E la Carte Raises $13.5m. The SF-based developer of Presto tableside tablets for restaurants, allows diners to split checks, peruse menus, place orders, make payments and play games from their seats. E la Carte will use the investment to support its growing sales team, expand its tablet to more restaurants across the U.S. and improve product offerings by offering personalization technologies.
MyWebGrocer Raises$154m. The Vermont-based SaaS provider of e-commerce and marketing solutions for grocery stores and global CPG companies took in a growth equity investment from middle-market investor HGGC, with Stripes Group selling its full stake in the transaction. MyWebGrocer’s grocery store ad network includes over 140 grocery brands, including Albertsons and Kroger, which enables the company to run digital marketing campaigns for over 200 CPG brands. As Dan Primak at Term Sheet points out, this may signal continued consolidation in this space as most of HGGC’s deals “are viewed as ‘platforms,’ which often means subsequent acquisitions.” The HGGC press release adds some color as to where they think the opportunity lies, stating, “we believe that grocers will increasingly look to MyWebGrocer to provide the technology platform that enables consumers to plan and shop online, as well as enhance the in-store experience with mobile and social offerings.”
RunKeeper partners witt MyFitnessPal partner to merge exercise and dietary data. After launching its first API in October 2012, MyFitnessPal has added RunKeeper to its list of integrated apps (joining Fitbit, Runtastic, Endomondo and Withings among others.). The partnership means that users of RunKeeper and MyFitnessPal can easily connect the two services and automatically see their RunKeeper fitness activity on MyFitnessPal, and vice versa with calorie data on Runkeeper.
Food on the Table Partners with Mom365 to launch Mom365 Meals, a mobile and website app for busy new moms. This partnership is an example of Food on the Table’s new platform licensing program, where the Company provides a white label recipe, meal planning and coupon platform to digital publishers which allows Food on the Table to leverage the audience of existing digital communities.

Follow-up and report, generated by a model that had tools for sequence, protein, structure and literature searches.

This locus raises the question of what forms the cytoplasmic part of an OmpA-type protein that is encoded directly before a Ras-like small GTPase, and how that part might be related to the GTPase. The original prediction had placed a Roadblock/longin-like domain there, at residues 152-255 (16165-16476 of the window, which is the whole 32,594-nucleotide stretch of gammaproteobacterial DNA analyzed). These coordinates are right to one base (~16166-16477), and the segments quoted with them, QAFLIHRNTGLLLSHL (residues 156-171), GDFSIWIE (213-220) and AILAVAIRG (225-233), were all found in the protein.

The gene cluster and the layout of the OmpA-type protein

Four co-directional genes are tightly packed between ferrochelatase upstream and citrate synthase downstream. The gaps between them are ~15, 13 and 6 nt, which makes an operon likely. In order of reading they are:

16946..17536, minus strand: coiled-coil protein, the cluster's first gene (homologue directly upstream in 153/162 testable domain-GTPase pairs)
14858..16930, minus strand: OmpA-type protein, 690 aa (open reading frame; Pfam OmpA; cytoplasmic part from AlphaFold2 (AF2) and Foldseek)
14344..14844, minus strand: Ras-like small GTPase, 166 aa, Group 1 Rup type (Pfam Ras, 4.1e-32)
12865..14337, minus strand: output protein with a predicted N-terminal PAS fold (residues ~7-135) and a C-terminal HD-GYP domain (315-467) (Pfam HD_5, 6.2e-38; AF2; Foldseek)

Locu and Go Daddy partner, dramatically expanding Locu’s local data network and menu distribution platform. The partnership adds Locu’s menu widget to GoDaddy’s “Website Builder” allowing users to create an account with Locu without leaving GoDaddy’s workflow. PandoDaily explains the motives behind the partnership well, noting it “should dramatically accelerate Locu’s growth, although at the very long-tail end of the market.” And as Street Fight points out, it will “position the company to grow its network, and subsequently improve its pitch to publishers, without hiring a single salesperson.”
GrubHub to integrate its online ordering platform into SinglePlatform menus, and will add SinglePlatform menus to its AllMenus.com website and database. This partnership makes a ton of sense, as it will increase the chance for both companies to capture revenue during a moment of high purchase intent. Due to increased SEO through the combined menu distribution network, restaurants listed through SinglePlatform are now more likely to show up in online searches, and the easy integration with GrubHub’s ordering system will increase the likelihood of customers choosing GrubHub over other online ordering providers. (Catching customers at this precise moment is also on the mind of Yelp, as a partnership with Delivery.com and Eat24 was just announced to integrate ordering/payment within the Yelp interface.)
As The Food Tech & Media ecosystem continues to see rapid change, we created The Food Tech & Media Industry Map to help entrepreneurs, participants and investors understand this quickly evolving landscape.